(April 9, 2018 / Mida) For centuries, Europe was one of the most violent regions on earth. It was the epicenter of two world wars. World War II alone claimed the lives of at least 50 million people. Europe’s long and painful path to peace and prosperity did not come about through compromise, but by means of a decisive victory over Nazi Germany, and her allies Japan and Italy.
By contrast, the Arab-Israeli conflict continues because Israeli triumphs on the military battlefield have not been translated into a total Israeli victory to end the conflict for the benefit of both Arabs and Jews. The misguided Oslo “peace” process and the ensuing international pressure on Israel only pushed the prospects for genuine peace even further away into the future by enabling the continuity of Arab aggression.
The Arab-Israeli conflict is frequently mischaracterized as a classic conflict over land and borders that can be resolved through territorial compromise. However, the Arab-Israeli conflict was never about specific borders, but about a Muslim Arab rejection of the Jewish state’s right to exist within any borders.
The PLO was established in 1964, while Egypt occupied Gaza and Jordan occupied Judea and Samaria. At the time, however, the PLO was not interested in Judea and Samaria, which had been ethnically cleansed of Jews by the Jordanians. The territory that Yasser Arafat’s PLO wanted to “liberate” was Tel Aviv, Haifa and all of Israel within its internationally recognized ceasefire lines.
The Hamas “March of Return” border aggression against Israel has nothing to do with “freedom of expression” or “freedom of assembly,” as absurdly claimed by Federica Mogherini, the foreign-policy chief of the European Union. The only “freedom of expression” that Hamas permits in Gaza is incitement against Israel, Jews and its political rivals.
In reality, the “March of Return” is a refusal by Hamas to accept defeat and an attempt to turn the clock back to the pan-Arab assault on Israel in 1948. Hamas and Fatah are political rivals who frequently disagree on tactics towards Israel and the international community. Yet they share the ultimate goal of destroying Israel and reject Jewish national self-determination within any borders.
Like the Arabs in 1948, the Germans and the Japanese were traumatized and humiliated by losing their war of aggression in 1945. After the World War II, at least 12 million Germans fled or were expelled from Eastern and Central Europe. There was indisputably no “right of return” to those territories for any German refugees, who were all absorbed by Germany.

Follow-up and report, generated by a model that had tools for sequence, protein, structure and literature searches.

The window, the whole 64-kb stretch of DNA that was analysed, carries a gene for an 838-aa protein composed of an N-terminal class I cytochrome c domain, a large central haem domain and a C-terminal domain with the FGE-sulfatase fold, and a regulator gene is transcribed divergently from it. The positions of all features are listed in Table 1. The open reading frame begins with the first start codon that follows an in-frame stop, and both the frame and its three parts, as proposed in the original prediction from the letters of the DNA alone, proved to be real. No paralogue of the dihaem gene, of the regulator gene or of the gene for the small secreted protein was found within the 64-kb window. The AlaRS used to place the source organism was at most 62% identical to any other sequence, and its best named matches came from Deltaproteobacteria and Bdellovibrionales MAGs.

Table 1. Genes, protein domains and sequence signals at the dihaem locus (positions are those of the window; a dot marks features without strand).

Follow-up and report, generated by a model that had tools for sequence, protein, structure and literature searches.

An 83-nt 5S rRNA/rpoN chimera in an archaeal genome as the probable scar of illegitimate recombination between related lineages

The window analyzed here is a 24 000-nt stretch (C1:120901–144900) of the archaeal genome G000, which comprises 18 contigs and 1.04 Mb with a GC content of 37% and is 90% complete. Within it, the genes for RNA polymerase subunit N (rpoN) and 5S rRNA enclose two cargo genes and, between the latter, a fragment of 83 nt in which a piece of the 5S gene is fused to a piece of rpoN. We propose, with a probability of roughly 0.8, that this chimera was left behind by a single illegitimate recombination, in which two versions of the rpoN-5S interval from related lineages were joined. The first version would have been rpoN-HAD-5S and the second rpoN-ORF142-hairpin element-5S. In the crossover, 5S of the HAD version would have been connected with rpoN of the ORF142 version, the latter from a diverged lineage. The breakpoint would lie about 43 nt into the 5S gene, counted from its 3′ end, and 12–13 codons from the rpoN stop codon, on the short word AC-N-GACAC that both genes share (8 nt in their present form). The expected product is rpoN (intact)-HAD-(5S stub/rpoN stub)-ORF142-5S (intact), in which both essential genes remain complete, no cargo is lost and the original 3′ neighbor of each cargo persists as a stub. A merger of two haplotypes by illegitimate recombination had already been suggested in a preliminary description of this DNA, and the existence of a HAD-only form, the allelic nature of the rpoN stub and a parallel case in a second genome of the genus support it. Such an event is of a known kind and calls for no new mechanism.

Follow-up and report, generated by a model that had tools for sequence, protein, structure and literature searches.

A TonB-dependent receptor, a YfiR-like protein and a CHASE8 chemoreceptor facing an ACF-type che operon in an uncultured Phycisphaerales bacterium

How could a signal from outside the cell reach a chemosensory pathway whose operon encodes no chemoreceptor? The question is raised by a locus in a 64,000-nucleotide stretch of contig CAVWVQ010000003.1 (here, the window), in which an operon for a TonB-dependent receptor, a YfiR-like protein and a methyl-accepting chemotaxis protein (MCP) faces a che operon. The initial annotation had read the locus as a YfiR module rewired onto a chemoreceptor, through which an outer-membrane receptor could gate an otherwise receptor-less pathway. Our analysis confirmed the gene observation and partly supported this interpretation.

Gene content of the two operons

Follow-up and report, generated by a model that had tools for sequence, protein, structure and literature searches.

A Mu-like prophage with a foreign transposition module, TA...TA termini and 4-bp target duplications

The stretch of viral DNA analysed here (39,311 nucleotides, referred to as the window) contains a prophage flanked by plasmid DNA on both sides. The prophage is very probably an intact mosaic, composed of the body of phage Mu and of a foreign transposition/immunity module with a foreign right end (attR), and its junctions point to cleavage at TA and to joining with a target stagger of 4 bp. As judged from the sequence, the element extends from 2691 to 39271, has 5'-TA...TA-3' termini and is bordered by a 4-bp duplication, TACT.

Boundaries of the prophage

Today, there is not even one single German refugee. In 1945, neither the Germans nor the Japanese were in any position to demand anything from the victorious allies.
The unconditional surrender imposed on Berlin and Tokyo was a blessing in disguise, which transformed Germany and Japan from belligerent dictatorships into thriving and peaceful democracies.
In his prematurely optimistic book The New Middle East, the late Israeli leader Shimon Peres envisioned a thriving and peaceful Middle East, inspired by the European experience that turned bitter enemies like France and Germany into partners in the European Union. This vision propelled the Oslo “peace process.”
Apart from ignoring the absence of democratic traditions in the Arab world, liberals have systematically misread the political map of the Middle East. Ideologically and emotionally, the PLO and Hamas are today where Germany was in 1918, not 1945. The defeat of Germany in World War I did not lead to peace, but fueled German bitterness that eventually paved the road to Adolf Hitler and World War II.
Despite many spectacular military losses against Israel, the Arabs refuse to accept defeat. International pressure on Israel has convinced most of the Arab world that time is on their side, and that Israel will eventually be destroyed through a combination of military, demographic and political means. This genocidal Arab fantasy has been nourished by the same international community that officially claims to advocate peace between Israel and her Arab neighbors.
Misguided Israeli unilateral concessions have also hardened the Arab resolve against Israel’s existence. The late Israeli U.N. ambassador Abba Eban eloquently captured this Orwellian absurdity after Israel’s military victory in the Six-Day War in 1967: “I think that this is the first war in history that on the morrow the victors sued for peace and the vanquished called for unconditional surrender.”
Since the Arab-Israeli conflict is existential, it can only end if the Arabs abandon their goal of destroying Israel or if the Jews abandon their national freedom. Since the Jewish people has no intention of surrendering its hard-won national rebirth, there is no alternative to an Israeli victory that forces the Arabs to surrender and give up their goal of destroying the Jewish state.
Only when the Arabs recognize Israel’s right to exist can a meaningful political peace process start. Since this is in a distant future, Israel and her allies need patience and perseverance in a world order that is still biased against the Jewish nation. However, shrinking Arab oil revenues and the emergence of Israel as a technological and military powerhouse is gradually tilting the balance in Israel’s favor.
In his classic Middle East work, A Peace to End all Peace, David Fromkin documents the fall of the Ottoman Empire and the emergence of the volatile modern Middle East. For the sake of Jews and Arabs alike, Israel must win the war to end all war.
Daniel Kryger is a writer and a political analyst. He lives in Israel.
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